- Many businesses that suffered the highest pandemic-induced job losses — including accommodation, food service, arts, entertainment and recreation — collectively received less than 10% of Paycheck Protection Program (PPP) loans provided in 2020, according to analysis by the Tax Policy Center.
Urban businesses received 85% of PPP funds and one-quarter of the lending went to businesses in economically distressed communities identified under the historically underutilized business zones (HUBZones), the center said.
"These data are consistent with previous findings on PPP’s mixed performance," the center said, adding that "small businesses in majority-white neighborhoods received PPP loans more quickly than similar firms in majority-Black and majority-Hispanic or Latino neighborhoods."
The Small Business Administration (SBA), aiming to buffer the harm from COVID-19, plans to provide $284 billion in forgivable PPP loans to small businesses this year after approving $525 billion in 2020.
Businesses shut down as the coronavirus spread early last year and, by April, unemployment surged to 14.7%, the highest rate since the start of such recording keeping in 1948, according to the U.S. Bureau of Labor Statistics.
PPP lending in 2020 cushioned the blow from COVID-19, helping 5.2 million small businesses maintain employment for 51 million U.S. workers, according to the SBA.
Lenders with less than $10 billion in assets provided 45% of the PPP loans in 2020, the Tax Policy Center said. JP Morgan Chase was the top lender, disbursing 4% of the loans, with Bank of America, PNC, Truist and Wells Fargo the next largest lenders.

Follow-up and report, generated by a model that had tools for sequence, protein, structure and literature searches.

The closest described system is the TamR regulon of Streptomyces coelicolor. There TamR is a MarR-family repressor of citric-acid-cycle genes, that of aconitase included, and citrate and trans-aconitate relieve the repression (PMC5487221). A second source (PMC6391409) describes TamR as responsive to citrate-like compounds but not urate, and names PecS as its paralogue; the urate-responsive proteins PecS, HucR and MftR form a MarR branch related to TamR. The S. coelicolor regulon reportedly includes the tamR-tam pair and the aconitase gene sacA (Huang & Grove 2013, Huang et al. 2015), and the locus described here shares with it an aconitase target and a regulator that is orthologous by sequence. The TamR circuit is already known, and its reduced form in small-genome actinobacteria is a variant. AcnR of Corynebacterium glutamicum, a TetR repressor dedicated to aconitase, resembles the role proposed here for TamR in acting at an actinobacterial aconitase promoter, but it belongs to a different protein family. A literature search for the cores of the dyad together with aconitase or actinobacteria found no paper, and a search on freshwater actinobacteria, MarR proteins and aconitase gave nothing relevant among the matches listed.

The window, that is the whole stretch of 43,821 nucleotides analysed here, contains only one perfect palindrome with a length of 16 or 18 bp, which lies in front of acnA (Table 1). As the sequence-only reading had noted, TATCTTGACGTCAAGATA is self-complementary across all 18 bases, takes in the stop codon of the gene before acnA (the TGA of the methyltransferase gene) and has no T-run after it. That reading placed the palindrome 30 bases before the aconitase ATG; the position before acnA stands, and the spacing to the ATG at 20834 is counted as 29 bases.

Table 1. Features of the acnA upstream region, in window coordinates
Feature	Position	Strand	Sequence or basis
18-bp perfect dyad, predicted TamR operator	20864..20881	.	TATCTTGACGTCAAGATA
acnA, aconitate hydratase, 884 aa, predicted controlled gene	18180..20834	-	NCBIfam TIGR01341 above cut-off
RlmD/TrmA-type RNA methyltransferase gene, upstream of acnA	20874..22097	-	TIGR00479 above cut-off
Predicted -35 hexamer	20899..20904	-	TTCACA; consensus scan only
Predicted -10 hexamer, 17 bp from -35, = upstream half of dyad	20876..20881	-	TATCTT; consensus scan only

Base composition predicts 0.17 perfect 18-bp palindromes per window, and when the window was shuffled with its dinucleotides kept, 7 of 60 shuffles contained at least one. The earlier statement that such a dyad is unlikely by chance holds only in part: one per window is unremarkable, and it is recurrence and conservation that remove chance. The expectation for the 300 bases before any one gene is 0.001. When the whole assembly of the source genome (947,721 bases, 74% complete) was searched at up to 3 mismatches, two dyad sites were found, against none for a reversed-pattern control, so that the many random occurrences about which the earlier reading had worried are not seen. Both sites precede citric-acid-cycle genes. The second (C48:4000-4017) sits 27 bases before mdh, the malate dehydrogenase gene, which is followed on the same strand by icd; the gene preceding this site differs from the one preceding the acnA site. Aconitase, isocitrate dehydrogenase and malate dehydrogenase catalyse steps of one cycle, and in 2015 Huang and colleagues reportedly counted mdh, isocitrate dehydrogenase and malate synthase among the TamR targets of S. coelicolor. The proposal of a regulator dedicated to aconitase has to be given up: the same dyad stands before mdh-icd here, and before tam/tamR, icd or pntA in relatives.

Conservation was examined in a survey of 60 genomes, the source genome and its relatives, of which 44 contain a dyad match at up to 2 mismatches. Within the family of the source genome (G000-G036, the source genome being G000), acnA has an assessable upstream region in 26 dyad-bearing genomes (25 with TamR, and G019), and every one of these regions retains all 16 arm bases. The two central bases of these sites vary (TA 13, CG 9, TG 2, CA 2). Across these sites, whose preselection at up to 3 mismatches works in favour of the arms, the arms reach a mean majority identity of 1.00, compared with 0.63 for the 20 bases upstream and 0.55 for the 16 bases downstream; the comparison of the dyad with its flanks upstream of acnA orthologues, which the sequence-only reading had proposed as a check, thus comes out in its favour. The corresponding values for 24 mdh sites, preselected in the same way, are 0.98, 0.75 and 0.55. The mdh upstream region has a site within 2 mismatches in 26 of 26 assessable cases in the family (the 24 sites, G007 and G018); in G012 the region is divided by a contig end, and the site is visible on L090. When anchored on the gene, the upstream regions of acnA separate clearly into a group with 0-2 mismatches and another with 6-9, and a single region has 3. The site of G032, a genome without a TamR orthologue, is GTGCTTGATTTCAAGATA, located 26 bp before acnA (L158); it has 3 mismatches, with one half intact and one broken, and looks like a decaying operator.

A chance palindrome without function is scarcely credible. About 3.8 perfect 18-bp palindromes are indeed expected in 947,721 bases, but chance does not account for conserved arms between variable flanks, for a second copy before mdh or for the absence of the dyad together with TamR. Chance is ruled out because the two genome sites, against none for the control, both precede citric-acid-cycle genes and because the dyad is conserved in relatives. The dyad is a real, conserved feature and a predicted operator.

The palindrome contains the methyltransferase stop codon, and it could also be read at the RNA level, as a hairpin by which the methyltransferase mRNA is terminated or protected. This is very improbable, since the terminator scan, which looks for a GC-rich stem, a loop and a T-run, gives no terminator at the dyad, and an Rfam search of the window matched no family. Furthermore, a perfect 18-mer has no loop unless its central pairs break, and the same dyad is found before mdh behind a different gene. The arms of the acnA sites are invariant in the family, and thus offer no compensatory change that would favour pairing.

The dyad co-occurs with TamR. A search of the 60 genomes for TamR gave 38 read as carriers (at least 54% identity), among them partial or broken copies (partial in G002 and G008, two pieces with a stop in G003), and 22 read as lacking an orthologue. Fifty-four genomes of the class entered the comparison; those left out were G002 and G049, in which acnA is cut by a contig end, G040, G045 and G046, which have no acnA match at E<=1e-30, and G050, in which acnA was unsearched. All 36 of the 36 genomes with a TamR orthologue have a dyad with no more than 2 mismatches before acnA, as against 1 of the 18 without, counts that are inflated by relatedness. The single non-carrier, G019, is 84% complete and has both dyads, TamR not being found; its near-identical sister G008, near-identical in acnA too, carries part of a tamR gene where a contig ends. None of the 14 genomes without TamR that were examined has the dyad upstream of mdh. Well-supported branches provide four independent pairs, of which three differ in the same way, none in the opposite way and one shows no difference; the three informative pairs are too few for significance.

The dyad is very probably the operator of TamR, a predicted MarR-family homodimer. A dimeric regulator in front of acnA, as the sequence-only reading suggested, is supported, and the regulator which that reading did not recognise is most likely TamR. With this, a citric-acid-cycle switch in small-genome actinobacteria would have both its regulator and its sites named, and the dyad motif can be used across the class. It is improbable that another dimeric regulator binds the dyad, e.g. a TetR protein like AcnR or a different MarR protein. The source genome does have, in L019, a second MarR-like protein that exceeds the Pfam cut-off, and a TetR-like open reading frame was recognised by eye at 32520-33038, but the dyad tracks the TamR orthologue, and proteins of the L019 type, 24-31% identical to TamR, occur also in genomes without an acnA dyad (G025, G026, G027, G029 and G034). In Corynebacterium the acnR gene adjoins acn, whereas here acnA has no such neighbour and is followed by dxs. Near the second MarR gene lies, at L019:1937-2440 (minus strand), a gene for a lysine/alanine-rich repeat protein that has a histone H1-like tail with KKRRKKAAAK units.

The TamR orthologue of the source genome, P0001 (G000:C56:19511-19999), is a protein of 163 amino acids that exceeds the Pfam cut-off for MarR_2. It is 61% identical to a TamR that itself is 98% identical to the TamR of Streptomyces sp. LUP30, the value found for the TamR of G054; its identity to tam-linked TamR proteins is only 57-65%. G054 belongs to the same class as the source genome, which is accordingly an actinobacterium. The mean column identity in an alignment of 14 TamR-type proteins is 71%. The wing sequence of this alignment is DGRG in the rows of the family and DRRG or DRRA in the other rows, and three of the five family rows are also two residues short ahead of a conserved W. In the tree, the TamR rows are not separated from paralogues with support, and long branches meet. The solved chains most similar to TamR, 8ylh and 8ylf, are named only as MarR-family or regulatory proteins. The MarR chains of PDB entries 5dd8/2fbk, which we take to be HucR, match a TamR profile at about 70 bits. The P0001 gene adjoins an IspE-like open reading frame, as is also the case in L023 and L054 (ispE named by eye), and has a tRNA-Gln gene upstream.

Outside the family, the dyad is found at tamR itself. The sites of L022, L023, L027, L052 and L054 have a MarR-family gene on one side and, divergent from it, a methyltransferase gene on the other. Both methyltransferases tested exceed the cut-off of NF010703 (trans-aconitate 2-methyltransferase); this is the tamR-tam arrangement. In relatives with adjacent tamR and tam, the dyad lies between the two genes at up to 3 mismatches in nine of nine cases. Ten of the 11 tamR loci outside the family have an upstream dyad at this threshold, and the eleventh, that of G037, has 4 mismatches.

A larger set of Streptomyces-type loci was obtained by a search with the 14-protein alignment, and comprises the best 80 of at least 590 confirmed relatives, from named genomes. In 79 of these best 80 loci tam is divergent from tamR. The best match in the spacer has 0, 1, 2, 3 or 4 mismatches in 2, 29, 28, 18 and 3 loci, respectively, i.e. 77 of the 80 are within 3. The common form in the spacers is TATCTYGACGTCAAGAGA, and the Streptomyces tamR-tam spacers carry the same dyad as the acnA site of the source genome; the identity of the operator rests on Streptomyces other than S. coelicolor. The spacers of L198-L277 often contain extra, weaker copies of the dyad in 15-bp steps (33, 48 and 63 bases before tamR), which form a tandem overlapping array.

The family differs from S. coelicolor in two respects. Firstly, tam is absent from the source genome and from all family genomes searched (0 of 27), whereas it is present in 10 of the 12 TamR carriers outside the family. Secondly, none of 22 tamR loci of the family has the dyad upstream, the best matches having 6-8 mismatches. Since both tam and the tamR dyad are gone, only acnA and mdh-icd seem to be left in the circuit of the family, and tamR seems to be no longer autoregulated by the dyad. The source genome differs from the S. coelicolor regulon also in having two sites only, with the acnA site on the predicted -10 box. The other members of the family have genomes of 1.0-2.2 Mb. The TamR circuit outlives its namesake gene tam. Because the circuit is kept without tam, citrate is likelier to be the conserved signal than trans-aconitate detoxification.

Businesses in professional, scientific and technical services — including law and accounting firms — received the most PPP aid last year, along with construction, health care and social assistance businesses such as nursing homes and physician offices, the Tax Policy Center found.
At the start of its current PPP program, the SBA provided a brief period of early access to first-draw applications from lenders to underserved and minority small businesses, community development financial institutions, minority depository institutions, certified development companies and microloan intermediaries.
During the current lending round, the SBA has approved PPP loans totaling $104 billion to 1.3 million small businesses while trying to ensure greater access to underserved businesses, the agency said in a Feb. 10 press release.
"For first-time borrowers in this round, eligible business categories and eligible spending were expanded," the Tax Policy Center said. "And early results do show smaller loans on average and a larger share of funds toward accommodation and food service businesses."
Businesses in rural areas have received 28% of funding, while businesses requesting less than $100,000 have received 82% of loans, the SBA said.
"We are committed to taking additional steps to ensure that there is equitable access for underserved businesses," Michael Roth, senior advisor to the SBA Administrator, said in a statement.